What more can you expect from a director who made the contrite Night at the Museum and a screenwriter who wrote the third and awful Shrek film than a dismally predictable display of comedy. The film is just too scripted and judging from the outtakes during the credits this film could have been much better with improvisation or a little less rigidity when delivering the lines. Because Carell and Fey have to be portrayed as normal every day people they lose what makes their known characters successful and that is being quirky, different, and above all weird. There is a spark in their work when they are allowed to just be those people that are familiar yet extremely original, and that definitely includes Carell’s work in 40 Year Old Virgin or Dan in Real Life. Both seem to be just trying to repress that inkling to be out there and different and the film feels strained because of that tension. When there is tension then the comedic delivery will eventually feel too scripted and what comedy needs is a natural flow to it in order to make the actors and audience feel relaxed as the film progresses. There is a duel criticism on Fey and Carell obvious in this film, that they can’t really be all that funny without being eccentric which means that they are ultimately one note comedians. Both of them aren’t awful in Date Night, in fact their personalities do help the formulaic plot and expected comedy, but it just simply isn’t enough.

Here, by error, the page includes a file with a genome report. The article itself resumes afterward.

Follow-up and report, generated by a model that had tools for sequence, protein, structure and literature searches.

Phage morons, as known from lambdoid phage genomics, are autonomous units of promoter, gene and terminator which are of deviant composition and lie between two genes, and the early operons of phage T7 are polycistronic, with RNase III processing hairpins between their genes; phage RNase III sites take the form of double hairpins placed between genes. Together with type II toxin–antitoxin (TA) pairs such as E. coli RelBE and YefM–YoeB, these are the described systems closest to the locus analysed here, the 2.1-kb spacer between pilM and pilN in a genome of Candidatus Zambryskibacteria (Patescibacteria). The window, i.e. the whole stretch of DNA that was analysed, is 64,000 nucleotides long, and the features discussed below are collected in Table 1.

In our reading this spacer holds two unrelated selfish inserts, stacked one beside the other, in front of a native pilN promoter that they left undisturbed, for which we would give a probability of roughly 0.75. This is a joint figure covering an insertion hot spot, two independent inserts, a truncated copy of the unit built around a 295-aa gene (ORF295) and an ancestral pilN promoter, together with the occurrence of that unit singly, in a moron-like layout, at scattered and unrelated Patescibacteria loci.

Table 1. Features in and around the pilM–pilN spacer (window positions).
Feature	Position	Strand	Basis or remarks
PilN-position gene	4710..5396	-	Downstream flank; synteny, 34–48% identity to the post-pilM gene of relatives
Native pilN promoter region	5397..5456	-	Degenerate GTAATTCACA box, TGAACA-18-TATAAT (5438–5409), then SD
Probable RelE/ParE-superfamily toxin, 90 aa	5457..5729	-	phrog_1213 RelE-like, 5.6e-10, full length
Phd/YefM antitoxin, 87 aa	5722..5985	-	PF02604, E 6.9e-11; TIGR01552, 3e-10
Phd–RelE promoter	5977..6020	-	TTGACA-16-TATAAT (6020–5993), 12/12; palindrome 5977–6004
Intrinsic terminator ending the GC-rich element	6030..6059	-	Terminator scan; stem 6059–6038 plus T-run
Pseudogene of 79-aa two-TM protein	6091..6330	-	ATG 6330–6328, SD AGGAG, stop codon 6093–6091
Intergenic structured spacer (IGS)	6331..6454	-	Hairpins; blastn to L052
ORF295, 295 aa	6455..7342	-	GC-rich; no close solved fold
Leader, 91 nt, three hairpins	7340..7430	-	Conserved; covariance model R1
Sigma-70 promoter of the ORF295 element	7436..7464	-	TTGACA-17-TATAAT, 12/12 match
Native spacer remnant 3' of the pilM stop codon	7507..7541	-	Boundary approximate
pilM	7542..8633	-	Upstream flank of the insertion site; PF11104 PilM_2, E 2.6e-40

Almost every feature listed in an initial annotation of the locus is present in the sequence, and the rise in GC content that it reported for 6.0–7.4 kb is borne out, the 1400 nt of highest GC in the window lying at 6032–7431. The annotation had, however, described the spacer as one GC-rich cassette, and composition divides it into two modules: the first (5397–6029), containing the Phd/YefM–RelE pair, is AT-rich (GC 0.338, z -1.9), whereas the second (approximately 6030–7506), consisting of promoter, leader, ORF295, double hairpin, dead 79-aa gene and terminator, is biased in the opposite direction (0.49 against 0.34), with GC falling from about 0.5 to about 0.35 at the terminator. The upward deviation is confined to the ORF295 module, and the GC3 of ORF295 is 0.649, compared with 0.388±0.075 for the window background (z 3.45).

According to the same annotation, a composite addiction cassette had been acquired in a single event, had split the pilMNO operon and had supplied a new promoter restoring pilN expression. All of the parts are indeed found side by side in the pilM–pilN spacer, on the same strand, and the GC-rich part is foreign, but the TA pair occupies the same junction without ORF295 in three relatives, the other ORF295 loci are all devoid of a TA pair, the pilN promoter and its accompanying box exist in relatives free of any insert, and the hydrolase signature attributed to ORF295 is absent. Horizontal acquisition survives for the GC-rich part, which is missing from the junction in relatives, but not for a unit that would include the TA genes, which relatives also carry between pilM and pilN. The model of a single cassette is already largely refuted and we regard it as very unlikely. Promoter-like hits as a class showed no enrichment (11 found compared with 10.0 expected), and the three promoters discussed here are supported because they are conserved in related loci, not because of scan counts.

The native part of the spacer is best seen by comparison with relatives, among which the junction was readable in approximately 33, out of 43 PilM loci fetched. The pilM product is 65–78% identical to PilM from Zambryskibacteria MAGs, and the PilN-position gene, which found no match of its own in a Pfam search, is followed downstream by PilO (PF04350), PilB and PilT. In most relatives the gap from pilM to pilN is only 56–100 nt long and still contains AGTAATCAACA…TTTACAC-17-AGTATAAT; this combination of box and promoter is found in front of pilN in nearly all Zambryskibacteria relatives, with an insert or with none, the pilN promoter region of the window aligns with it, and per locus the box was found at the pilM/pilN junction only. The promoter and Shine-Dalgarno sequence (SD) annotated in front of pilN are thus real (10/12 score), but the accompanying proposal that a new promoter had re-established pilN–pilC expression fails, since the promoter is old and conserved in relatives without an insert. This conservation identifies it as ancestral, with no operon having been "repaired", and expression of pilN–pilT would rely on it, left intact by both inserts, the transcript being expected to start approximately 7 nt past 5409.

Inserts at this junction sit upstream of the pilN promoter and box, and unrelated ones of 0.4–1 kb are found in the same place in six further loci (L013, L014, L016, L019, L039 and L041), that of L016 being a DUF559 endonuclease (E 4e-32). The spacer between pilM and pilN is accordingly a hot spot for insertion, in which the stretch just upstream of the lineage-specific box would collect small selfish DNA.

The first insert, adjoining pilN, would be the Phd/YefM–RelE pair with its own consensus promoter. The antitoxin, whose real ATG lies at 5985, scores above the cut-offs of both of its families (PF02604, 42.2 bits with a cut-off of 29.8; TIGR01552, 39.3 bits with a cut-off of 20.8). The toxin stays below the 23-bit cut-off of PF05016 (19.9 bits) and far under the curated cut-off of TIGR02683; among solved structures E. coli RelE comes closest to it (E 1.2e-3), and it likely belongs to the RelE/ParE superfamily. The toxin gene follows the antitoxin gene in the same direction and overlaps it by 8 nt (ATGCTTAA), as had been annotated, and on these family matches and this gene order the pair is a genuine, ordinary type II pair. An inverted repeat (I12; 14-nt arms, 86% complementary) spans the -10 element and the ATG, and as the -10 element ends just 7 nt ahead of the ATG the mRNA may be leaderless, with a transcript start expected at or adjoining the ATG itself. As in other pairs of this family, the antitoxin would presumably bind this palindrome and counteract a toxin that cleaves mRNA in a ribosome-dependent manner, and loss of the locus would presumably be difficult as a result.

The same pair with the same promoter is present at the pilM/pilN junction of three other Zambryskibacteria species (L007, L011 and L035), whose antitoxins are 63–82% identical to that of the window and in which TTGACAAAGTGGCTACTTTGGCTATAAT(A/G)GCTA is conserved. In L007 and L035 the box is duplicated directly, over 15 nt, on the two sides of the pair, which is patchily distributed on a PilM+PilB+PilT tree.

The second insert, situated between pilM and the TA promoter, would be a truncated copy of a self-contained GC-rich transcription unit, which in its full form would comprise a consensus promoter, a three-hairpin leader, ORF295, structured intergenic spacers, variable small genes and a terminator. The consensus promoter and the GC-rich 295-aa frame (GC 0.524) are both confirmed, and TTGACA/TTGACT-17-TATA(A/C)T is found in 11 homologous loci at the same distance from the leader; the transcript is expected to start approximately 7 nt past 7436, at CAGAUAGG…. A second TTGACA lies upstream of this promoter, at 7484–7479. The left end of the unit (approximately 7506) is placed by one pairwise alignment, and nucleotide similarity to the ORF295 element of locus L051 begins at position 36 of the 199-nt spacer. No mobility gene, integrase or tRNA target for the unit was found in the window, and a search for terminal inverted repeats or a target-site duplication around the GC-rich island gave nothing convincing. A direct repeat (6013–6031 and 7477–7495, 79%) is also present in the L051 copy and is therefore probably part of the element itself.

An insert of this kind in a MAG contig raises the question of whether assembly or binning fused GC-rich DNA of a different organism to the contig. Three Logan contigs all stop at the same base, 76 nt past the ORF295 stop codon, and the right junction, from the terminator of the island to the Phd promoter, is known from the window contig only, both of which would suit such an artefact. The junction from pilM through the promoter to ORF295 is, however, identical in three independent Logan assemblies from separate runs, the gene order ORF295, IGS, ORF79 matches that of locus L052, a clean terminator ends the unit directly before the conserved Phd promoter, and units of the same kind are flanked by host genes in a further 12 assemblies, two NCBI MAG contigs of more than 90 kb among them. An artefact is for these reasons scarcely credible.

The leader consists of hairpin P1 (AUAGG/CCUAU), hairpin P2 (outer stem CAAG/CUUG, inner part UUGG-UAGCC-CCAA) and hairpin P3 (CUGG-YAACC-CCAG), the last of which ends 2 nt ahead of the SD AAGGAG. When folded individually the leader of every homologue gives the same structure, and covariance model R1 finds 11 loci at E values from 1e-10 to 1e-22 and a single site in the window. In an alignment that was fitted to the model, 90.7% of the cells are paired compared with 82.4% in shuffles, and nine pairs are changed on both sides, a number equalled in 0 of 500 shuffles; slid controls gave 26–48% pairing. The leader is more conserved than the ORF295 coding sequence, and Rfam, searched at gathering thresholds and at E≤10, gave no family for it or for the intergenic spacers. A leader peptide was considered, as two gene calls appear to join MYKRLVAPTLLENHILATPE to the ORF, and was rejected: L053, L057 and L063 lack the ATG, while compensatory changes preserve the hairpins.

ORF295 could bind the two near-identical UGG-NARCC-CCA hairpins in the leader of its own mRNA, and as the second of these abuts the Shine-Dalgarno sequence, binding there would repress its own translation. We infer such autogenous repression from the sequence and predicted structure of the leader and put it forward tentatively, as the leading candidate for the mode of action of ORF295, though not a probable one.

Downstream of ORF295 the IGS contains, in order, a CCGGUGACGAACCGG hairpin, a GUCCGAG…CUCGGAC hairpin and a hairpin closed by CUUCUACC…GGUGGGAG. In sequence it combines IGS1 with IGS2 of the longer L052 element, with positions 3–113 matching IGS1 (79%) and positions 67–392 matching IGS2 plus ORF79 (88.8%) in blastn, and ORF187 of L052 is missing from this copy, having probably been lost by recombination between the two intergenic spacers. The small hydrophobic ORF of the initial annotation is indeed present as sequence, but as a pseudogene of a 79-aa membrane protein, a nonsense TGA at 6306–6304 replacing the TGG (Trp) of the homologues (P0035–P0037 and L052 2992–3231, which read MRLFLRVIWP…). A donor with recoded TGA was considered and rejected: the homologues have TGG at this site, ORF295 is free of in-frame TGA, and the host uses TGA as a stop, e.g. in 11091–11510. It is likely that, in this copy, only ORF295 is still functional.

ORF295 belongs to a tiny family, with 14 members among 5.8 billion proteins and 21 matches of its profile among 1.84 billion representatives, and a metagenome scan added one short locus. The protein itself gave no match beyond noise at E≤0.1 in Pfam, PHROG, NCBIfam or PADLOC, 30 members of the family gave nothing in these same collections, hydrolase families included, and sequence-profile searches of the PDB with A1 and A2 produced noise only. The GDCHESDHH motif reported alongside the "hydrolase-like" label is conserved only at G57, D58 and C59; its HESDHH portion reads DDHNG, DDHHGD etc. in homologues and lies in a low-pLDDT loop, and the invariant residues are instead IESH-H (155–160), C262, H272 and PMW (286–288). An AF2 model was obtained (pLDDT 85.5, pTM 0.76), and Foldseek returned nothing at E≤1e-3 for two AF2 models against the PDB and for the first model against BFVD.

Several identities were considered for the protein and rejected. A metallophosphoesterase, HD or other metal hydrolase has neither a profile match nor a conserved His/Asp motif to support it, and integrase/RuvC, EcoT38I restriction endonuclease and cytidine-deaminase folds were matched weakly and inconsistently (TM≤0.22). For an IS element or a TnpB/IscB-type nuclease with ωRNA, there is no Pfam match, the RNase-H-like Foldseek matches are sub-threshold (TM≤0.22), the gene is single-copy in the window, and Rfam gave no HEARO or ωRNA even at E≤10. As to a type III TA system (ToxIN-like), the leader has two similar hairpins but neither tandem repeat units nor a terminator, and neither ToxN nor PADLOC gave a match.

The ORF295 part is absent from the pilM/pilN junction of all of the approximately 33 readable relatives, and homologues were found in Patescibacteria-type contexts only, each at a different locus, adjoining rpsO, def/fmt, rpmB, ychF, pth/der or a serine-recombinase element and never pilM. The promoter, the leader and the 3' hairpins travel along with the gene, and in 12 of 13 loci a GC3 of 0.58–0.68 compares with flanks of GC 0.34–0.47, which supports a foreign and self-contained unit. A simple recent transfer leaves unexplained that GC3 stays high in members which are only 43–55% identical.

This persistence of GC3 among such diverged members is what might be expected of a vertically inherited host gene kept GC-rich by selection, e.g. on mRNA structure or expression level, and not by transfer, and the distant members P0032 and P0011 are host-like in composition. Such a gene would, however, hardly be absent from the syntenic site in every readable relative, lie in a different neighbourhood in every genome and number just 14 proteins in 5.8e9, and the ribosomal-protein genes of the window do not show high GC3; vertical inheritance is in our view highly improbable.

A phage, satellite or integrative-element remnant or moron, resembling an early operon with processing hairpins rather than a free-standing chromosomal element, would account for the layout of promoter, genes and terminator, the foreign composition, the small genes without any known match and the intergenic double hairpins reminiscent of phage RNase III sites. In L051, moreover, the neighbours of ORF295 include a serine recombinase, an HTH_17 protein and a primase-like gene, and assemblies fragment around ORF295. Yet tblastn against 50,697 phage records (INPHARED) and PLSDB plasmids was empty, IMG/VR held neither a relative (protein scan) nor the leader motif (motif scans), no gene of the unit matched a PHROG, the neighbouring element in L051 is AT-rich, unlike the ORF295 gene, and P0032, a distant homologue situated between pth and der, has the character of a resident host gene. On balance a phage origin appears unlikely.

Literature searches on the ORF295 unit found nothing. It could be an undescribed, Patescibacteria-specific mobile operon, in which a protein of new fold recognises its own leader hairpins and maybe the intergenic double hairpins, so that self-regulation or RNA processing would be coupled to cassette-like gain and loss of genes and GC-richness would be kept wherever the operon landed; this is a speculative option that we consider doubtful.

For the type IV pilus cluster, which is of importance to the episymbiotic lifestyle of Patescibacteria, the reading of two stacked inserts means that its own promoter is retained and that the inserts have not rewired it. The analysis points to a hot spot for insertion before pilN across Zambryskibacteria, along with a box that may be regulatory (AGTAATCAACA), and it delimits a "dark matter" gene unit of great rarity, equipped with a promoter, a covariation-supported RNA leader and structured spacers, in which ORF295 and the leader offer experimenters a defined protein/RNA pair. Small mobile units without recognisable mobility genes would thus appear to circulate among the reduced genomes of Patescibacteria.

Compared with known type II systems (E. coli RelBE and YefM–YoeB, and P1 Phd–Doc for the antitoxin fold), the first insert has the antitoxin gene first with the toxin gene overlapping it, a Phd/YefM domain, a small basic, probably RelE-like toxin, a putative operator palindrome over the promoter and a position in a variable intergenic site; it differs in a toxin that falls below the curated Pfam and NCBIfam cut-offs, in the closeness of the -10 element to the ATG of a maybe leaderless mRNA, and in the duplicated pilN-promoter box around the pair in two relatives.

Luckily the film has some off beat performances and cameos that work in its favor in delivering some memorable comedy. Mark Wahlberg is especially funny if only for the joke about his physique and makes it even more surprising when he actually speaks Israeli. While everyone keeps making jokes about Wahlberg’s toned body, sort of making the joke tiresome by the last somewhat effective delivery, he keeps a level head with his role and allows his expressions to deliver good comedy. The last memorable scene is with an extremely humorous James Franco as a dead beat thief who argues with his hooker girlfriend about supporting her by stealing wheelchairs as if they were a married couple. Besides these two making their own sequences somewhat funny, the rest of the supporting cast is considerably mediocre all the way from Ray Liotta to the rapper Common. But this isn’t to say that William Fichtner or Kristin Wiig can’t be funny, because both of them can. It just unfortunately shows the power of the script and whether or not you keep dogmatically dedicated to the written word sacrificing a good comedic performance for a well repeated written line. Sometimes you have to balance the written plot with good character grounding that allows for successful and guided improvisation, which Date Night could have used to its advantage.

Just because you have two comedians who have a well established fan base doesn’t mean you can use that as a basis for a comedic film script. This criticism won’t matter unless movies like this don’t end up doing well and the production department has to go back to the drawing board. Unfortunately this won’t happen anytime soon since these comedies are released at the right time when comedies are lacking in the theater and audiences are looking for an entertaining release. Date Night fits the bill being a mildly entertaining comedy but doesn’t even come close to the quality we are used to seeing both Carell and Fey in their roles on NBC late night comedy. The story of Date Night ends up being predictable, formulaic, and an example of how comedy is strictly a simple assembly line creation that doesn’t allow risky material to be explored falling back on expected comedic situations and cliche characters.

Grade: C

One Response to “Movie Review: Date Night- An Extremely Inferior Comedy When Compared to Carell and Fey’s Known Accomplishments”
  1. Terrific work! This is the type of information that should be shared around the web. Shame on the search engines for not positioning this post higher!